HOPKINTON, R.I. (WPRI) — The Boy Scouts of America has seen a decline in membership recently but the local council is still seeing hundreds of scouts enjoy camp each week.

Camp Yawgoog first opened for Boy Scout camp in 1916 and while a lot has changed, the traditions have stayed the same.

When you step through the gates at camp, technology, nature, tradition and pure summer fun are your compass rose for the week.

Mike Upton, 14, has called this camp “home away from home” for the past few summers.

“It’s about having fun, learning some good life skills, and making friends, that’s what it’s really about,” Upton said.

Yawgoog is the flagship camp of the Narragansett Council of the Boy Scouts of America, but Upton is one of the hundreds of scouts visiting from other councils across the country.

“We have a lot of troops that do return, but we also have a good portion of troops that kind of cycle through camps for whatever reason it may be, so some troops only come for one year and put on a three-year list. They’ll visit New Hampshire or New Jersey in those times. It varies. We try to keep in touch with as many people as possible to keep them coming back, but it varies every year,” said Jonathan Diluglio, Yawgoog Reservation Director.

Boy Scouts of America filed for bankruptcy in 2020 after thousands of men nationwide came forward claiming they were abused while in Scouts. The proposed settlement is about $2.7 billion, meaning councils across the country would contribute to that — including $6.5 million from the Narragansett council.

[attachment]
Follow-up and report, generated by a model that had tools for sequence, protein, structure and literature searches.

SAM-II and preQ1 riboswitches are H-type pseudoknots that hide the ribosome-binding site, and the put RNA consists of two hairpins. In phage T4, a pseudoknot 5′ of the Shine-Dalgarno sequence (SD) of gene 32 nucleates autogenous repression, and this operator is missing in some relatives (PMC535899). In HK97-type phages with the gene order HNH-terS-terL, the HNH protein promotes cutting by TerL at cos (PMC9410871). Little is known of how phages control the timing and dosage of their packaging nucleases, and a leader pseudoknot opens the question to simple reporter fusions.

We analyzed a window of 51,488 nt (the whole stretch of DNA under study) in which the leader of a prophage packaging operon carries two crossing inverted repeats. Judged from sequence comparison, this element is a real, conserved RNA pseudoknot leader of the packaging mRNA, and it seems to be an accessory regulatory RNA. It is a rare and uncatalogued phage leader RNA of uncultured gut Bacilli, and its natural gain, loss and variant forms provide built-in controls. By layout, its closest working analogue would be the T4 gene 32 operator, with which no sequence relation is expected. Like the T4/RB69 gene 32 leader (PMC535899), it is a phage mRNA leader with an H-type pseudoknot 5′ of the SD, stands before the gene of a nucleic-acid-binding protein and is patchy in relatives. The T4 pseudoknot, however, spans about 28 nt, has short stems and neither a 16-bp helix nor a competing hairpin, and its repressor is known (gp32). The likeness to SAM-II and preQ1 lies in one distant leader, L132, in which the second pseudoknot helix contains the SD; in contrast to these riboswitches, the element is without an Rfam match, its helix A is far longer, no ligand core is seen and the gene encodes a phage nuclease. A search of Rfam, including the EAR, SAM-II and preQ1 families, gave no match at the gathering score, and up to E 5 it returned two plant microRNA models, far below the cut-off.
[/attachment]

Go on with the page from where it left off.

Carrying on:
To get that money, the Narragansett council sold off two camps including Camp Cachalot in Carver, Massachusetts.

Now Camp Yawgoog is the main attraction for scouts in council across Rhode Island and Southeastern Massachusetts, as well as out-of-council scouts.

“Our focus is summer camp, so getting people to come no matter how small no matter how large the troop is. Troops from 10 scouts to 50 scouts is the priority. Getting them here. It varies even week to week,” Diluglio said.

According to the Narragansett Council, in 2019 there were 9,848 scouts compared to 10,321 in 2018 and 8,333 in 2015. The council couldn’t provide data for enrollment during the pandemic but it’s believed membership dwindled.

Diluglio told 12 News they are seeing an average of about 800 campers each week this summer, one even surpassed 1,200 in campers and adults. He says they are trying to ways to show scouts how fun it really is by offering day camp as well as overnight camp.

“It’s an awesome opportunity. We’re trying that out for the first time this year. Just to have people come in for day camp and in the off-season, we offer it up for weekend camping,” Diluglio said.

Over the past few years, girls have been welcomed into scouts.

“Transitioning a lot of our facilities to single-stall restrooms, single-stall shower houses to provide those accommodations because it’s been a couple of years now,” Diluglio said. “We’ve grown our girl units over the past couple of years. Last year we were at 33 units and now we’re at 46 girl units attending Yawgoog, which is awesome to see.”

The skills learned in just one week at camp can enhance the lives of the scouts forever.